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Nvidia sees profit growth thanks to Tegra chips

Nvidia saw its profit double in Q2 2012, thanks to the high demand for Tegra 3 chips. The growth in sales for Nvidia's mobile chips are compensating for Nvidia's slow decay into irrelevance in the PC market, as manufacturers are replacing most Nvidia's GPU's in laptops with Intel's integrated graphics chips. However, Nvidia might still be the one to have the one to emerge as winner against Intel with the fast growth of the mobile industry.
August 12, 2012

Nvidia has had it rough in the past few quarters. As Intel keeps making higher-performance integrated graphics chips that are starting to be “good enough” for most laptop users, Nvidia is being slowly squeezed out of the graphics chips market for laptops. Maybe this wouldn’t be a terrible problem if desktop PC’s were still on a growth path, but they haven’t been for a few years due to the emergence of laptops as the main “PC” for most people.

While AMD has been losing market share to Intel in the past few years, too, at least they get to use their own graphics chips with their own CPUs. Nvidia’s only opportunity is to sell their graphics chips alongside Intel CPUs. But as people care less and less about high performance GPUs in laptops, and more about battery efficiency — and Intel keeps improving the performance of its GPUs — Nvidia’s market share is starting to decline.

Fortunately for Nvidia, they were able to see this trend early on, and that’s why they started working on the Tegra chips, making not just mobile GPUs, but also ARM CPUs. ARM chips are starting to become more and more important because the mobile market keeps growing rapidly, and also because they are starting to undermine Intel’s chips with “good enough” performance. This is the same “trick” (or strategy) Intel is using against Nvidia in laptops.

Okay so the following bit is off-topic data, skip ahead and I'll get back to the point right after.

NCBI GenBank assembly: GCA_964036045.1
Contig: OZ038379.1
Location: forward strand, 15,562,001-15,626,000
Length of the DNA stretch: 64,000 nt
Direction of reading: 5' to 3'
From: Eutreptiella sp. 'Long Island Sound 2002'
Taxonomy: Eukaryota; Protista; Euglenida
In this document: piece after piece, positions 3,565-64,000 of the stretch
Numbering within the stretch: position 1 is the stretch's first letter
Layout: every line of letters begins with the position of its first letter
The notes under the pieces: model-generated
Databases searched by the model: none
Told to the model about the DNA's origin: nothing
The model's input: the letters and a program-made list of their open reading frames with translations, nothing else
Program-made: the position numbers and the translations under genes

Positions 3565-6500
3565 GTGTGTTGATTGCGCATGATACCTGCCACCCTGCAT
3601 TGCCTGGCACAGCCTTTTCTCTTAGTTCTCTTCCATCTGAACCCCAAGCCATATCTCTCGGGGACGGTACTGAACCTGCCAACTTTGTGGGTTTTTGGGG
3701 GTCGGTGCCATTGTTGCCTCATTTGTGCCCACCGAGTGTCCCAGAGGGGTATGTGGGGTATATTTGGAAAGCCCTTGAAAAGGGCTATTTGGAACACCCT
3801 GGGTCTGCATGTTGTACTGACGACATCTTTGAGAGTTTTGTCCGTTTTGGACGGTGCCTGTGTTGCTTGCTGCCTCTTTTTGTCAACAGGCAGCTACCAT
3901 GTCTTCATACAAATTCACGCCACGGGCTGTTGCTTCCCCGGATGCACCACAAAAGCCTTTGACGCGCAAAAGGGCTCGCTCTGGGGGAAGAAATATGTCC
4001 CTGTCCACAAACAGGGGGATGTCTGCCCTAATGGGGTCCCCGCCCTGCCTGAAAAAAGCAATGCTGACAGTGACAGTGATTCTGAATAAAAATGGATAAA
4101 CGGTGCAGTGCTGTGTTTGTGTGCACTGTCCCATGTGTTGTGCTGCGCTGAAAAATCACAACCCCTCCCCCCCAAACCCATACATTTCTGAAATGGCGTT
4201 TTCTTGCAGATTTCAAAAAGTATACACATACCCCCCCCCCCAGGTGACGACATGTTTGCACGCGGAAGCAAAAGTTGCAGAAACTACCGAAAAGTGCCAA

While Intel was busy disrupting Nvidia in the GPU market in laptops, Nvidia also started disrupting Intel in CPUs and GPUs in the ARM mobile market. The future ultimately sounds more promising for Nvidia than for Intel. Intel is disrupting Nvidia in the x86 market, while Nvidia is riding the wave of the whole ARM architecture disrupting x86, and therefore Intel (and AMD). If things keep going the way they have, and ARM chips start to actually threaten Intel in laptops/hybrid devices, Nvidia should be the ultimate winner in this fight.

Nvidia’s bet on ARM chips has already started to pay off, as their profits have doubled to $119 million on $1.04 billion revenue from $60.4 million in profit last quarter. The jump in profit happened thanks to Tegra 3 chips, and Nvidia’s profit is expected to grow even further now that Nexus 7 has been launched using the same Tegra 3 chip. Other devices using Nvidia’s Kai program are expected to launch later this year as well, including both tablets and smartphones.

Although the Nvidia chip is quite competitive in the market right now, it’s far from being the best, especially in raw GPU performance. This is surprising coming from Nvidia, one of the best GPU makers on the planet. The main reason for this is that Nvidia did not expect things to be moving this fast in the GPU market, so they only made a small 80mm2 SoC that allocated a lot of space for 5 CPU cores. This left only so much space for the GPU and other components, when other competitors have much larger 120mm2 SoCs.

Now that they know how aggressive other SoC makers are, they must’ve changed their plans for Tegra 4, which was initially supposed to come out this year. They now want to make a much better SoC with 4 Cortex A15 CPU cores running at 1.8 Ghz, and with 5 times more GPU cores than Tegra 3, that are also supposed to be built on the “Kepler” architecture. Things seem to continue to look promising for Nvidia in 2013, but we’ll have to see if they can deliver.